Democracy Split


The votes cast in the 9 April first round of East Timor’s Presidential elections have been counted. Only preliminary results are available at this stage, but these indicate that a second round will be required on 8 May between the first round winner Francisco ‘Lu Olo’ Guterres (the candidate of FRETILIN,  the Party which currently controls Parliament), and second-placed current Prime Minister, Jose Ramos Horta, who won 28.8 per cent and 22.5 per cent of the vote respectively.

From these results we can deduce that FRETILIN was the clear winner in a poll which many in East Timor see as a crucial indicator of whether the retiring President, Xanana Gusmao, has the electoral clout to secure control of Parliament and become Prime Minister at the 30 June parliamentary elections.

The political divisions that led to last year’s crisis are becoming increasingly clear. It is a conflict between those who remain loyal to former Prime Minister Mari Alkatiri and his FRETILIN Party, which fought for East Timor’s independence from Indonesia, and those who believe the future lies with Xanana, Ramos Horta and the nascent Democratic Party (PD).  

Xanana’s vision for the future is simple. He has stated repeatedly that if elected as Prime Minister he would approve the release of the funds held in the East Timor Government’s ‘Petroleum Fund’   which was set up in 2005 to manage the revenues from huge oil and gas reserves in the Timor Sea. Alkatiri and FRETILIN maintain they are already spending the money and that last year’s crisis (which they now squarely say was caused by Xanana) has prevented them spending money already allocated in the Budget.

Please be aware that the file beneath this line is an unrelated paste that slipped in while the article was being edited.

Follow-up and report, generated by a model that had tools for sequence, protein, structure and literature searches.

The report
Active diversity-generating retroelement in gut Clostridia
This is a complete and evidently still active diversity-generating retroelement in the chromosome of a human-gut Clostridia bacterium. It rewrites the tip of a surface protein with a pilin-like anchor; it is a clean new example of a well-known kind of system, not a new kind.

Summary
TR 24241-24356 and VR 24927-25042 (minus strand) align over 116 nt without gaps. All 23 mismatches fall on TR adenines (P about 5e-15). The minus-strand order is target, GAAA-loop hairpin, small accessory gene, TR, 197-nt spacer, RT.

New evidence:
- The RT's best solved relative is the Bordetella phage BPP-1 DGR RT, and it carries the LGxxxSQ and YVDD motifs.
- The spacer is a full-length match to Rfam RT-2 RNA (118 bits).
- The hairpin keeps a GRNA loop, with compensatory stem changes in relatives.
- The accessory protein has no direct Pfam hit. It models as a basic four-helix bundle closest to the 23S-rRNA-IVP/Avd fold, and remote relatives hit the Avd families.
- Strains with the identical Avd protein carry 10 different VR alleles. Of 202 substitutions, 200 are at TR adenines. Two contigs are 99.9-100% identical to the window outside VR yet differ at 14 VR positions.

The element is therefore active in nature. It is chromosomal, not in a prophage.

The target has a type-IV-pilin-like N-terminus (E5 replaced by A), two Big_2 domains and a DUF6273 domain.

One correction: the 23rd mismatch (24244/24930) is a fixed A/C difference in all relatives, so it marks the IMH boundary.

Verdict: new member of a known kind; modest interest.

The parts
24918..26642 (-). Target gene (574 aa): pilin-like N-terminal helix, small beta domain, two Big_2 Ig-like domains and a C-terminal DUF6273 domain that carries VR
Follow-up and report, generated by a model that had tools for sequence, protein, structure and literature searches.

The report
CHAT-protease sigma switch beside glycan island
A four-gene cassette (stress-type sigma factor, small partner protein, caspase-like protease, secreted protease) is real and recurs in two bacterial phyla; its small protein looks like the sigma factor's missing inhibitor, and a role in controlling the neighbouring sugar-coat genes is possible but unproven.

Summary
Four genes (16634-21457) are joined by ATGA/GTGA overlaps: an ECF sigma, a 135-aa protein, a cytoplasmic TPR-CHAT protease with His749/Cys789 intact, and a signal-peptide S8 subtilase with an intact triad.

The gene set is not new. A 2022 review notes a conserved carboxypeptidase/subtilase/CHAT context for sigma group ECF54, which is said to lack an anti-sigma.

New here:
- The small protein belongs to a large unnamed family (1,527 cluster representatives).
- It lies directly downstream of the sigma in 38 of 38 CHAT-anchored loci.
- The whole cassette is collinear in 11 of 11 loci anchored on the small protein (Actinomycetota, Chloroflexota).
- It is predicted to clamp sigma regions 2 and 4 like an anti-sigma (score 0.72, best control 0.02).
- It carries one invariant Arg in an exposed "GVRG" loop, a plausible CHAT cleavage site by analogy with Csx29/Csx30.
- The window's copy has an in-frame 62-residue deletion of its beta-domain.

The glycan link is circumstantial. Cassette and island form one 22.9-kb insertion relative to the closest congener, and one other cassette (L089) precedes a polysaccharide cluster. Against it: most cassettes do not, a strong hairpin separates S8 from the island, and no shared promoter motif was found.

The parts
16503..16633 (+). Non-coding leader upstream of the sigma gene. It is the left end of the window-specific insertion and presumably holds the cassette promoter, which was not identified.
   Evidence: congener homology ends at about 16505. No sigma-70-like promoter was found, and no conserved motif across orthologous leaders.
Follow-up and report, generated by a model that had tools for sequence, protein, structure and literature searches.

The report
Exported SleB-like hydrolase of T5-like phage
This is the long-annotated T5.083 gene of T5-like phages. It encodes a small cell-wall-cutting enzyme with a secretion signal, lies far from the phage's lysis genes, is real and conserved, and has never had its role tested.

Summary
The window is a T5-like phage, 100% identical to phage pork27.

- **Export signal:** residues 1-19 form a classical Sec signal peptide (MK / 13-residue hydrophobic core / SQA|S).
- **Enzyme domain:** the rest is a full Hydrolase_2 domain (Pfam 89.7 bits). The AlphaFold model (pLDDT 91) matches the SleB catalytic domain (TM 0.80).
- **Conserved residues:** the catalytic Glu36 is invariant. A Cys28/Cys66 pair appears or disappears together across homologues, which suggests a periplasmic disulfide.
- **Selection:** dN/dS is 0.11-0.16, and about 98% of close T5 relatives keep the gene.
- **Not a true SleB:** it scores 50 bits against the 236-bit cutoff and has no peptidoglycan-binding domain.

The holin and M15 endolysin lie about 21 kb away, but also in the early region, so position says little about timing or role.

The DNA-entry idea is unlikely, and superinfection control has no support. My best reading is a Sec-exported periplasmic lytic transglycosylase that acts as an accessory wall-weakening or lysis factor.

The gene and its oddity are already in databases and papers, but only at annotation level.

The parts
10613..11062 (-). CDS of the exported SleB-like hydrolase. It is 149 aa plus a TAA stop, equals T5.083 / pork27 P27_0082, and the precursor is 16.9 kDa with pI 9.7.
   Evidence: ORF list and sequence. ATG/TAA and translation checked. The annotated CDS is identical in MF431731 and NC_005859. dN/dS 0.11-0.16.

The other main issue in this election was whether Xanana was behind the push to unseat Alkatiri from the Prime Minister’s office last year. Opinion here is sharply polarised between those who believe that Xanana, backed by the international community, was the driving force behind last year’s violent events, and those who believe that he only came out against FRETILIN to prevent further disorder.

Most analysts in Australia have failed to appreciate the depth of support that FRETILIN retains in the east of the country. As the only East Timorese political Party that never made concessions to the Indonesians and never stopped fighting for independence, FRETILIN has an enormous symbolic place in the minds of many who lost family and suffered fighting for them.

Xanana’s now very public opposition to FRETILIN has infuriated many who once revered the charismatic leader. As one senior FRETILIN member Harold Moucho said, ‘These are the people that died for Xanana and now he has betrayed them.’

This division between Xanana’s supporters and FRETILIN loyalists cuts right through East Timorese society and has caused problems during this election. FRETILIN complained bitterly when Xanana came out and attended a rally for his preferred Presidential candidate Ramos Horta, saying that it was not appropriate for a sitting President to be politically active.

Thanks to Sean Leahy